The other night I overheard a group of people discussing a yoga and Pilates retreat they were looking forward to attending. It was called “Restoring the Core.” Aptly named, indeed, since the foundation of Pilates one can argue is all about the core. But it got me thinking how common this buzzword (buzzphrase?), and its derivatives, are in the present day.
My grievance here is that classes and weekend programs named Restoring the Core oversimplify the training required to correct core-based movement dysfunction. It just isn’t something that can be done in a weekend, a workout, or even a week. And marketing such programs this way conditions us into believing that fixing our bodies can be distilled down to a singular workout in lieu of something more practical, like a lifestyle change or better yet, the adoption of a sustainable fitness program.
For years now, the core has been a focal point of many a fitness program. And some folks do indeed have weak cores which can complicate the movements and activities that they want to do. But then again, many do not.
Here’s a test: hold a plank with good form. If you can hold it well without slumping at the hips for 45 seconds, I don’t think your core is all that weak. Might you still have underlying core muscles that aren’t skillfully firing? Maybe. Is your anterior abdominal musculature weaker than your posterior? Perhaps. But I think that when we get to this level of fidelity in your fitness, we have to first decide on whether you’re a competitive athlete and care about such minutia.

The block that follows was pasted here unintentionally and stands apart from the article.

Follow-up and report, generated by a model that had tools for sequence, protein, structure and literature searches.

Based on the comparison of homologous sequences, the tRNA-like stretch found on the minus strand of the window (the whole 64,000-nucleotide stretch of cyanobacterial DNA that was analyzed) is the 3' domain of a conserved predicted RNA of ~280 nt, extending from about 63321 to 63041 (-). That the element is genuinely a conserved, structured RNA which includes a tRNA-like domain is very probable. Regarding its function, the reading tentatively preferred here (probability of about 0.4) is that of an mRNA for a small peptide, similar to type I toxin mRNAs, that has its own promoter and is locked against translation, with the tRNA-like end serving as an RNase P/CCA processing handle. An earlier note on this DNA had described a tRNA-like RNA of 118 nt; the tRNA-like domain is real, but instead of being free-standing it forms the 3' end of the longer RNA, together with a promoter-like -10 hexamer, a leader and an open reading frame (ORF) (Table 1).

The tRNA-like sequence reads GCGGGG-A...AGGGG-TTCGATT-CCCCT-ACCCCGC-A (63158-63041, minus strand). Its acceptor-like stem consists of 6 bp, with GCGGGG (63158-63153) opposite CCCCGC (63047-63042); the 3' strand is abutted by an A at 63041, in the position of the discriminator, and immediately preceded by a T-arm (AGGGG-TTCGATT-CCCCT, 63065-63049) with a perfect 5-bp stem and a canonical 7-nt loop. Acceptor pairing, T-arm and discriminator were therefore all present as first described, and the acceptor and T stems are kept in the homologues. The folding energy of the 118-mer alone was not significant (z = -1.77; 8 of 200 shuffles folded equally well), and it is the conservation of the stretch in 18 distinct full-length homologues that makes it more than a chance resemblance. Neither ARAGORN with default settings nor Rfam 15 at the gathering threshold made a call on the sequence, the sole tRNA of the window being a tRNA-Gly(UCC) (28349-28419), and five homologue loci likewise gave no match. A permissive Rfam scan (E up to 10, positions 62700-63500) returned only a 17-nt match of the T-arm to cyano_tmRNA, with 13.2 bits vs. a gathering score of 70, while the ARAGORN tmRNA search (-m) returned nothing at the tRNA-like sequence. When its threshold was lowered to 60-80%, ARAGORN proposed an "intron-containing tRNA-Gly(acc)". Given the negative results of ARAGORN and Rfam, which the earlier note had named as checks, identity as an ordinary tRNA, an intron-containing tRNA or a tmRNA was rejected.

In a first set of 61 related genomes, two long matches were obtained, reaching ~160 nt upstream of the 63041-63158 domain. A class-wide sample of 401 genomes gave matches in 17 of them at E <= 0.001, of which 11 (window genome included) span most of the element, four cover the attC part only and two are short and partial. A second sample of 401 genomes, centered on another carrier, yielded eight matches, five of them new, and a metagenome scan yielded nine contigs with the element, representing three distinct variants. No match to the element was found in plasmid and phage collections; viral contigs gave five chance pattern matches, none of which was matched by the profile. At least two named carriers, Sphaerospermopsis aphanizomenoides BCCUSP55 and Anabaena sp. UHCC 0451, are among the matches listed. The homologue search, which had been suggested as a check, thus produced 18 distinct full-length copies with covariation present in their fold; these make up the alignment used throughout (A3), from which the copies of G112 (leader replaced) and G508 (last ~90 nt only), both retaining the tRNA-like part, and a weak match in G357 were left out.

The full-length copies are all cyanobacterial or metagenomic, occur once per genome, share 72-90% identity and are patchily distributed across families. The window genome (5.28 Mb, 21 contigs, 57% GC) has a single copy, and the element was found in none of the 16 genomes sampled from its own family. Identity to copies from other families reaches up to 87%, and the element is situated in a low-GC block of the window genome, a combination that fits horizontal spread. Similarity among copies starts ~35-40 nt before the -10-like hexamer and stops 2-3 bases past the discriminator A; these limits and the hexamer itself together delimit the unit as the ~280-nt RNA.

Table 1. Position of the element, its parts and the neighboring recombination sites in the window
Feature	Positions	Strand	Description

I’m more interested in the practical aspects of your core strength: does it help you to keep your spine safe and happy when you need it most?
If you read my work here on Motus, you’ll know that I’m a huge advocate of the old Chinese proverb: you’re as old as your spine.
So, how can you begin to introduce safe and effective exercises into your fitness program that will help to round-out your core, so to speak?
In my experience, few fitness classes approach the core from the perspective of functional movement and natural movement patterns. Static holds like planks can be helpful, and are a great first step, but these days, everyone from your average yogi to Orange Fitness enthusiast, has done plenty of these. And sit ups, well, they don’t translate much at all.
In the past decade or so, I feel like the health and wellness community has really begun to understand the core. That is, I think that we’re zeroing in on the right answer to core training. And the best answer seems to be that by training the resistance to rotation, we are doing the right thing for our core.
Please note that when I say rotation, I’m not referring to just a movement like a sit-up. No, your core can move in all sorts of directions. By focusing on the stabilizing nature of your core, across many different plans, we’re reminding our core of its primary duties.
I’ll be updated this article in the future with images and video, but for the interim, here’s a list of my favorite core exercises. Pick and choose what you feel are best for you and your body and build an integrated program.
- BOSU ball push-ups, and holds, with slight tilt for play
- TRX push-ups
- Hip thrusts
- Pull-ups, aiming for no swinging
Remember, your core engages prior to all movement. From walking to lifting to yoga to cycling, your core is very much engaged. If you’re a seasoned lifter with a focus on large compound movements, and you mindfully lift, there’s a chance that you’re getting all the core training you need.
Retreats are fun and yoga is really great, but attending one or two classes with the sole intention of “fixing your core” isn’t going to do much for you if it doesn’t precipitate a change in your ongoing fitness and movement program."Restoring the core" (why this buzzword is misleading) by Ryan Wagner